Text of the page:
ABC; Nancy Kaszerman/ZUMApress
ABC; Nancy Kaszerman/ZUMApress
How could Balloon Family get a reality show if the parents get convicted of felonies? Isn't it illegal to profit off of a crime?
—J., via the Answer B!tch inbox
It can be, yes, but from what I hear, even a conviction probably wouldn't stop these people from leaving tire tracks on their own kids in the pursuit of fame. And if there are network execs interested in the Heenes—now infamous for that apparently fake balloon drama—there could still be a reality show.
That is, if network executives aren't already too busy grooming their scales or filing their teeth into sharp points.
So how could Richard Heene and his scrappy pack of down-home weather chasers pull that off? Well, all you need to do is look to another celebrity criminal case for guidance...
Or, let's be honest here: Any rap star.
Yes, there have been cases in the past when criminals have tried to publish books or otherwise profit from their misdeeds, and they've resulted in various judgments, court cases and other legal whatnot.
In the Balloon Boy case, defense attorneys tell me they wouldn't be surprised if prosecutors ask a court to bar the Heenes from profiting from their alleged hoax.
But proving a direct link between crime and cash? Not always so easy. Rappers easily boost their cred when they have a decent rap sheet, but does that mean they've directly profited from their drug-dealing and pimping pasts?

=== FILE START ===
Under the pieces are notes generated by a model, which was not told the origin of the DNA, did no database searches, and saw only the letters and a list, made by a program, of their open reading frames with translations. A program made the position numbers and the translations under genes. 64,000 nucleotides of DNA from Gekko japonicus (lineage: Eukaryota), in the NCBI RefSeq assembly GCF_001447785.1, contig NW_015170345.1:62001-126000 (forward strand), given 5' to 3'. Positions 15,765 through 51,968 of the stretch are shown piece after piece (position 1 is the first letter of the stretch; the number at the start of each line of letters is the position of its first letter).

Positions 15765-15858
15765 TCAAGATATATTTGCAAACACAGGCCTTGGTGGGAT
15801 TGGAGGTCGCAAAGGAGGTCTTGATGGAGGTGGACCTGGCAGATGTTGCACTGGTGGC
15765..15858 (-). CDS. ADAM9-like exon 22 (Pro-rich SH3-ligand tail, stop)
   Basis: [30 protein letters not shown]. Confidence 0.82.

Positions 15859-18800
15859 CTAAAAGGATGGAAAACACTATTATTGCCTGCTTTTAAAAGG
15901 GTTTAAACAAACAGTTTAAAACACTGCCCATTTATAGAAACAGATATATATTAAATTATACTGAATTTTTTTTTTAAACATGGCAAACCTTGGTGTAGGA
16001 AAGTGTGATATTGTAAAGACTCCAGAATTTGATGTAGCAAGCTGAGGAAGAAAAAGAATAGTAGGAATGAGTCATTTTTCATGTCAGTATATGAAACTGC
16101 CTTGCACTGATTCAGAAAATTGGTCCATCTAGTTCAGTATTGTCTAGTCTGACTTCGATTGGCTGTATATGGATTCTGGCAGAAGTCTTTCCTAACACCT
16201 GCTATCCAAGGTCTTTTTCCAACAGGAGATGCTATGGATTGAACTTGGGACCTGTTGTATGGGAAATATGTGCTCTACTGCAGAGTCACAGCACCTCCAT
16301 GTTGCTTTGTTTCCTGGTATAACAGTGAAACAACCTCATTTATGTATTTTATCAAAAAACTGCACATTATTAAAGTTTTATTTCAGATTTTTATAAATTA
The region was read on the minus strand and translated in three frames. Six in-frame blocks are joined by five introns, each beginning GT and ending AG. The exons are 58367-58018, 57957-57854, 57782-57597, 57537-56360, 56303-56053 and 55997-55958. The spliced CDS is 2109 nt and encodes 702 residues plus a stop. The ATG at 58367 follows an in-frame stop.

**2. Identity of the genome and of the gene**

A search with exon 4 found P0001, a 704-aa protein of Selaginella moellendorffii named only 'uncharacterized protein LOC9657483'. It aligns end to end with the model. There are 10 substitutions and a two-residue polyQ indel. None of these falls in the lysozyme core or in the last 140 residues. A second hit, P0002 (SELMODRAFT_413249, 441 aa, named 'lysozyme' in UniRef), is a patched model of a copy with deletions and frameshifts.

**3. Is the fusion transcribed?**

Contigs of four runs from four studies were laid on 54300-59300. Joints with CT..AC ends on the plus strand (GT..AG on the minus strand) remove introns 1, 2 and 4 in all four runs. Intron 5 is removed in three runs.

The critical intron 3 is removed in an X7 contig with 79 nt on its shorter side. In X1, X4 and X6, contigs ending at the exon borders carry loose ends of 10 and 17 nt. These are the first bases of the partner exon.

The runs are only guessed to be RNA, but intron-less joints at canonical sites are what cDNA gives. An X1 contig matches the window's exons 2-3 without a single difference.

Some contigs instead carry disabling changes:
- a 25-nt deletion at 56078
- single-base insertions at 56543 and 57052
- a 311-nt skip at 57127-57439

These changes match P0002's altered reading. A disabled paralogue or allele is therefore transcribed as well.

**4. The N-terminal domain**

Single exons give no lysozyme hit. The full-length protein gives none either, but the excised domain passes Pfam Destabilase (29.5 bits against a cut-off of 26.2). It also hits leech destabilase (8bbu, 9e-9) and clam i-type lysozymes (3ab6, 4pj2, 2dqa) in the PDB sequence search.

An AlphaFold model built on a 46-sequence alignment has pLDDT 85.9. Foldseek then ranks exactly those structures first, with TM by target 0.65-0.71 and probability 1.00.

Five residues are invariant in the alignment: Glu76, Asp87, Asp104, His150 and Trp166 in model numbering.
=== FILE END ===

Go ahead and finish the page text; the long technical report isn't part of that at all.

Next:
Or take Stewart, whose profile only rose after she was jailed for five months for lying about a stock deal. Did she sell any more tassels or duck-printed pillow shams as a direct result of her infamy, or at least rake in more dough in appearance fees after her sentence? Perhaps, but it's hard to directly prove in court, and that's the exact same argument that a Heene attorney would likely use, I am told.
"You could make the argument that no one had heard of the Heenes until last weekend," criminal defense attorney Elizabeth Kelley tells me. "But you could also make the argument that there was a proposal in the pipeline long before last week—that it wasn't the crime that got them the reality show."
(And for the record, yes, the Heenes were reportedly seeking some sort of reality-show fame before they, um, took off.)
Besides, lawyers tell me, any network pondering a Heene show would probably take extra care to avoid too much talk of balloons and B.S., just to avoid any sort of legal liability. Instead the show would likely focus on subjects less directly related, such as the exact flavor of crazy permeating from the Heene household.
As long as all parties are careful, "legally, there is nothing preventing the Heenes from getting a reality show," defense attorney Joseph DiBenedetto tells me.
Instead, the most likely element to kill a reality show will be the Heenes' own disgusting behavior.
"The parents have committed the cardinal sin of exploiting their children," DiBenedetto opines. "Images of Falcon throwing up on TV—Americans are not going to forget that."
Oh really? Look! Over there! Jon Gosselin!
The Heenes haven't replaced the Gosselins...yet. So catch up on your Jon & Kate in our gallery